By Antique Mommy
Sunday we hurried home from church, looking forward to the meal that we knew Papa George would have waiting for us. As we came to a stop at the intersection of a busy street, my mother-in-law Cleo, who was in the front seat, spotted a little Yorkie (little Yorkie is redundant, I know) wandering dangerously near the street.
“Oh I’ll bet someone has turned her out!” cried Cleo. “Look how skinny she is!”
“Should we stop and get her?” I asked from the backseat.
But just as quickly as the little dog had appeared, she disappeared. She had scampered off and out of sight.
“She probably lives around here,” said Antique Daddy with absolutely no concern. “She’s probably headed home.”
No one agreed with him, no one meaning Memaw, Sean or me. We were all certain the little Yorkie had been abandoned and was about to starve to death.
Nonetheless, she was not to be seen, so we went home to eat our Sunday dinner. As we were sitting around the table, the little starving Yorkie came to the door and peered in hopefully through the glass.
I jumped up from the table, not willing to dismiss this as a coincidence. Clearly God intended for me to look after that dog as twice He had put her in my path. So I let the Yorkie in and she made herself right at home. I picked her up and tried to get a look at her collar, which was kind of hard to do because my face kept getting in the way of her tongue. The only number on the tag was the vet’s number, which I called, but of course, the vet was at home eating Sunday dinner with his family, so he didn’t answer the phone at his office.
Papa George’s Schipperke, Missy Ann, was not so keen on our uninvited guest, so I put Little Miss Yorkie outside on a chain, just outside the front door with some food and water. Yorkie looked to be amused and bewildered at this act of charity. Or maybe that’s just how Yorkie’s look all the time, I don’t know.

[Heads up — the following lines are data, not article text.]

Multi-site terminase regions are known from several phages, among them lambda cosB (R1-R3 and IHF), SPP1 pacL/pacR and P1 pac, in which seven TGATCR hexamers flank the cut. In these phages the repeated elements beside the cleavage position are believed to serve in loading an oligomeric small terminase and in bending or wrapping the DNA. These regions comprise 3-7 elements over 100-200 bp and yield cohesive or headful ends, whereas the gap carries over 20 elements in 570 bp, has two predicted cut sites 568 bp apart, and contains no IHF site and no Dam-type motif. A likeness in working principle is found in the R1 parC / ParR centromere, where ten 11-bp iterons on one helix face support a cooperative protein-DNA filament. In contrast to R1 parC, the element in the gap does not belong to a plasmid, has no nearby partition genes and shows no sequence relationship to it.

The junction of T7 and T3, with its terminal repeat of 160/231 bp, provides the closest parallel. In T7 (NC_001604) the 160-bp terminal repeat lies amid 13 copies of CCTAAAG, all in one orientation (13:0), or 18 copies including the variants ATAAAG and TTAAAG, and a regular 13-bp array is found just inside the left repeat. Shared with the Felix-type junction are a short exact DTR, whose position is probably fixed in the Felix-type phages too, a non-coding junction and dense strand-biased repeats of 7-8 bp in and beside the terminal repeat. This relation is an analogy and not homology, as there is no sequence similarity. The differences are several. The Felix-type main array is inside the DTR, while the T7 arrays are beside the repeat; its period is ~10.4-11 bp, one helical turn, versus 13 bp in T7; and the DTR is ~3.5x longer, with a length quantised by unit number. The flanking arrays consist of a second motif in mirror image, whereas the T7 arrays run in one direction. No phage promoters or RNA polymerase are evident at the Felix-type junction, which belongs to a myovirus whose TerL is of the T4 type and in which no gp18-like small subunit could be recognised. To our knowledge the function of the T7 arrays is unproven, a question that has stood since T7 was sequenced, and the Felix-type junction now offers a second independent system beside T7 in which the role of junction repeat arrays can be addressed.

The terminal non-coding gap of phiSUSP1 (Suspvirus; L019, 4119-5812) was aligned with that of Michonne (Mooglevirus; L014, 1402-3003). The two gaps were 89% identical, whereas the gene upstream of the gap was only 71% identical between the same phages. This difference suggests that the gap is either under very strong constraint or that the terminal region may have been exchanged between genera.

Twenty minutes later, an older gentleman pulls up out front looking for his Yorkie. Yorkie recognizes her owner and wiggles and wags and bounces on her back legs and waves her front feet. The older man pads up the front walk in his house shoes, breathing heavy. He is quite obviously relieved to $ee his Yorkie. The old man and the Yorkie exchange kisses and hugs. He thanks me kindly but tells me that she runs off from time to time. But always comes home.
The old man tucks his Yorkie under his arm, heads down the walk and gets in his car. I watch them drive away. I sigh as I head back into the house. I returned to the table and my now cold food knowing that I had left the world a just a little bit better than I found it before lunch. And my heart swelled just a little. On that Sunday I was not just a mother, wife and daughter — I was a humanitarian and rescuer of Yorkies not in need of rescue.
(Cue epic music theme from Gone With The Wind. Fade to black.)
by Antique Daddy
We saw a skinny dog on the way home from church, probably headed home.
He came to the door while we were eating. His owner drove around looking for him and saw him tied up out front and came and got him. The end.